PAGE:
12-month investigation by Carers UK exposes stark reality faced by those looking after loved ones who are older, disabled or seriously ill: loss of savings, debt and struggling to afford food and heating
The Inquiry also reveals that, despite rapid rises in the number of families providing care to loved ones, Government cuts to support leave carers facing a shocking £1 billion cut.
And, Carers UK says, carers not only feel they are not recognised or valued but also feel victim of increasing public criticism for claiming their social security entitlements.
Heléna Herklots, Chief Executive of Carers UK said:
“Those caring, unpaid, for loved ones save society vast sums, but at huge personal cost - a cost this Inquiry shows is pushing families to the brink. Caring is often a dual blow, with household incomes hit by reduced earnings, and bills rising as a result of the extra costs of ill-health or disability. With an ageing population, more of us will care for loved ones – yet a blizzard of cuts to social care and benefits mean there is less and less support available. This is unacceptable and unsustainable. This country’s carers are being badly let down. Unless Government acts to stop the cuts to support for carers there is the risk families will be pushed to breaking point and left unable to care for their own.”
In the Inquiry recommendations, Carers UK is calling for:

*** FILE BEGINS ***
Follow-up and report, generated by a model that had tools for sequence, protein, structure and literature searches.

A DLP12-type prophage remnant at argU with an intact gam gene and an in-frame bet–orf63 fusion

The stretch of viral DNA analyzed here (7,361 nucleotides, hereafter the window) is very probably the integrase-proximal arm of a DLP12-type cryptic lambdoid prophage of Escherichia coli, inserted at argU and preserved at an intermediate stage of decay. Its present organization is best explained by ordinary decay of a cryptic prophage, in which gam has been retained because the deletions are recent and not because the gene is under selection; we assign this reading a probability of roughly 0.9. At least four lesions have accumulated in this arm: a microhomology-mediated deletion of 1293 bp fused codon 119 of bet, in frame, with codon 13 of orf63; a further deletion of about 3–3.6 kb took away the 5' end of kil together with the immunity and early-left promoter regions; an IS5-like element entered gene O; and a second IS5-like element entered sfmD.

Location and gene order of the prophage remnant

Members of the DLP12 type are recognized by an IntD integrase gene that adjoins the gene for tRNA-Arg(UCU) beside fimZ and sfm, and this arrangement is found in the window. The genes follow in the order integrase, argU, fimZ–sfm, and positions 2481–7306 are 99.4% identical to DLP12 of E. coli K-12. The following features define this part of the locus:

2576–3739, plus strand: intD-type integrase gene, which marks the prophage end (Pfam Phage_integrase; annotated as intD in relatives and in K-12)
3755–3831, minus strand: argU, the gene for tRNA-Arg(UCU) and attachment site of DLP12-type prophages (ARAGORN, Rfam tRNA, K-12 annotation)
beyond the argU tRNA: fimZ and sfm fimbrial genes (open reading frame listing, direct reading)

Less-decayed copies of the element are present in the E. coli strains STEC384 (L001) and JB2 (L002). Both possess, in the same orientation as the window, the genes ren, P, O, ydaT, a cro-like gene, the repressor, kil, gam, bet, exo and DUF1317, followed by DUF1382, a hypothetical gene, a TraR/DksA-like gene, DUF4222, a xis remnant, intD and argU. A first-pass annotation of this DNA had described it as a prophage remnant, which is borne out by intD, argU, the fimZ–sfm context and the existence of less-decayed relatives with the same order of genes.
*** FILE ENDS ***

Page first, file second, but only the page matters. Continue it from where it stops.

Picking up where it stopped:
An end to cuts to carers’ benefits and support services.
Urgent reform of financial help for carers.
The Government to make a commitment that future policy will not leave carers worse off, by implementing a ‘carer’ test for future benefits and social care proposals.
The main carers’ benefit, Carer’s Allowance, is currently £59.75 a week for a minimum of 35 hours caring – equivalent to £1.67 an hour. It is not available to those who earn more than £100 per week or to those in receipt of the basic State Pension.
Experiences of carers who gave evidence to the Inquiry, included the need to keep the vulnerable and ill warm, meant families footing bills for running heating for 12 and more hours a day, with no let-up in warmer months when those with serious illness must be kept cool; costs of travel to medical appointments and the need to rely heavily on taxis; the need to wash three or more loads of washing a day when caring for someone with continence problems, or who is tube fed; the increasingly prohibitive price of buying in care to simply get out of the door for work or respite, compounding the isolation caring can bring; the cost to future financial security and resilience of quitting work or cutting hours to care.
Download the Caring & Family Finances Inquiry report »